A CWOF is a stop short of a guilty finding. In such a situation, a defendant admits that there are facts sufficient by which a jury could possibly find them guilty (which is not considered the same thing as pleading guilty). The matter is then left pending without determination for a period of time, usually ranging from six months to two years. after that time, if the defendant has not gotten into any trouble and has done all that the court ordered her to do, the matter is dismissed.

And the court did impose conditions on the Defendant. She must perform 200 hours of community service and write a letter of apology to the trooper.

Jake Wark, a spokesman for Suffolk District Attorney Daniel F. Conley, said, “Her actions that day were dangerous and irresponsible and it is important she be held to account for them.” However, he added, that her decision to resolve the case quickly and apologize “suggests a degree of remorse and responsibility that we don’t often see so soon after arraignment.”

The arraignment would have been about two months ago, by the way.

“She wanted to get this behind her for all the right reasons,” the defense attorney said. “This has been very difficult.”

Attorney Sam’s take:

“There goes Goldberg complaining again”, you yell to whoever’s around. “This time, he is upset that this woman got a good deal”.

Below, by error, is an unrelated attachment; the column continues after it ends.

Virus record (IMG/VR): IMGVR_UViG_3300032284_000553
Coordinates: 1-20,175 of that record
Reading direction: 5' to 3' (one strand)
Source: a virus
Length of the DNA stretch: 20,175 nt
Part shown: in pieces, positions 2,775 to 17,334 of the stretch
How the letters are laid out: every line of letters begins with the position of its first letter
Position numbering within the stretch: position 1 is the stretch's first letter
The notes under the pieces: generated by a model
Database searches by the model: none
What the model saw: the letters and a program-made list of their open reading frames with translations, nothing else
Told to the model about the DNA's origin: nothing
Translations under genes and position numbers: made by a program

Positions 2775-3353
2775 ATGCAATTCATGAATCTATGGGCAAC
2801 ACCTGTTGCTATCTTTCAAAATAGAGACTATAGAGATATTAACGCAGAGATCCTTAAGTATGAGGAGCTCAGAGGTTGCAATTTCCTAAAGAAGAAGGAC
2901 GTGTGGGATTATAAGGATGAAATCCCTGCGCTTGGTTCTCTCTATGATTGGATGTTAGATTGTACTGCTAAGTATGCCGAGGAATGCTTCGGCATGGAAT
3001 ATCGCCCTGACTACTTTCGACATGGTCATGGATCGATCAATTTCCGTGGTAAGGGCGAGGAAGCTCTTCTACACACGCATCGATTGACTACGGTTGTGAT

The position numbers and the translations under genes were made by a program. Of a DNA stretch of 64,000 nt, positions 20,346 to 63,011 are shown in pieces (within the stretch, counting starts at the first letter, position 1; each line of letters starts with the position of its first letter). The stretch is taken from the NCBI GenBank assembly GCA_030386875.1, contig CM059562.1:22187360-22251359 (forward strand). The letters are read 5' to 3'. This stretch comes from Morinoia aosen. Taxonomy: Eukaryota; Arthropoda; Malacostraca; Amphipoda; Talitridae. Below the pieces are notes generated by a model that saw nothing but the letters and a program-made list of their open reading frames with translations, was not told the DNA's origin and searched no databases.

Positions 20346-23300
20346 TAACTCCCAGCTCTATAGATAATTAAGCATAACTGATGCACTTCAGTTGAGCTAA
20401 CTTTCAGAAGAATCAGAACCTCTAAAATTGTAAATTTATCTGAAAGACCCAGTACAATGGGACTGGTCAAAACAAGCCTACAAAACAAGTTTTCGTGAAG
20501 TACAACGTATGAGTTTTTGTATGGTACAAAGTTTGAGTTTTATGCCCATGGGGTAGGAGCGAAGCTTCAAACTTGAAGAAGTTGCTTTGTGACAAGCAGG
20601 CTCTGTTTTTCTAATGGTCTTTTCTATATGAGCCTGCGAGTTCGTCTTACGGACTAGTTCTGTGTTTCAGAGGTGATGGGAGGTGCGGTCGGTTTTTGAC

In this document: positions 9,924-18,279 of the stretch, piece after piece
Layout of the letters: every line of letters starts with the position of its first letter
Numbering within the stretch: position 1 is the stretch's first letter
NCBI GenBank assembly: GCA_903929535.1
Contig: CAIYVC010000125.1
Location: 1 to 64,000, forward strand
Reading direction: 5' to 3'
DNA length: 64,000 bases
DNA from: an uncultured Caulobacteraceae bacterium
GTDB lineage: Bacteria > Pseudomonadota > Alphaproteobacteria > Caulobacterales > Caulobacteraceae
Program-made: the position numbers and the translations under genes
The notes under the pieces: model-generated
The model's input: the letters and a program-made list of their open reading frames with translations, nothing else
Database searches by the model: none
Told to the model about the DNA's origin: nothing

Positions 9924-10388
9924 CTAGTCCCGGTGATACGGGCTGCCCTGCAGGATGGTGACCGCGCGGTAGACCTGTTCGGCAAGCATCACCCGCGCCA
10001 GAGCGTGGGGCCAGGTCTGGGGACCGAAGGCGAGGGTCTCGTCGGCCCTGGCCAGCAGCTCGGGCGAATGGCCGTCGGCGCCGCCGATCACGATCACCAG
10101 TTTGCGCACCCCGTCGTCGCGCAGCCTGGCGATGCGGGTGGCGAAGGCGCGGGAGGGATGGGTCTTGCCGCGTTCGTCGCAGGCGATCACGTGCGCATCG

Actually, that would be incorrect. While I must note that most people given the same allegations would face much harsher treatment by the Commonwealth, I doubt that jail time is really appropriate for the Defendant. I am also grateful for the example to show you how uneven the criminal justice system is.

You see, the gentle treatment the Defendant received here is not typical at all. And that is the chief Lesson for today. I often hear confusion from my clients about how defendants are treated differently even given the same circumstances. Bails are different. Charges brought are different. Yes, most of all, plea offers are very different.

Each case is different, and that includes the prosecutor and the court, not just the defendant and the allegations. One cannot assume a particular result, in most cases, based upon what “everybody else is getting”.

It’s as if the prosecutor is in the place of your parent in days of old when you complained as a kid that someone else’s parent was letting them do something your parents would not allow. Just change the line to, “Yes, but I’m not [fill in the name]’s prosecutor, I’m yours.”

One more word about the CWOF that is worth mentioning. It is not simply a guaranteed dismissal. There are risks involved. For example, if the Defendant is arrested, or gets into any trouble, during the six months, the CWOF automatically can turn into a guilty finding and she can be sentenced accordingly. Yes, as in the case of probation violations, a simply accusation would be enough…she need not be found to be guilty in the new offense. Another such risk is that certain agencies, such as immigration, treat a CWOF as they would a guilty finding.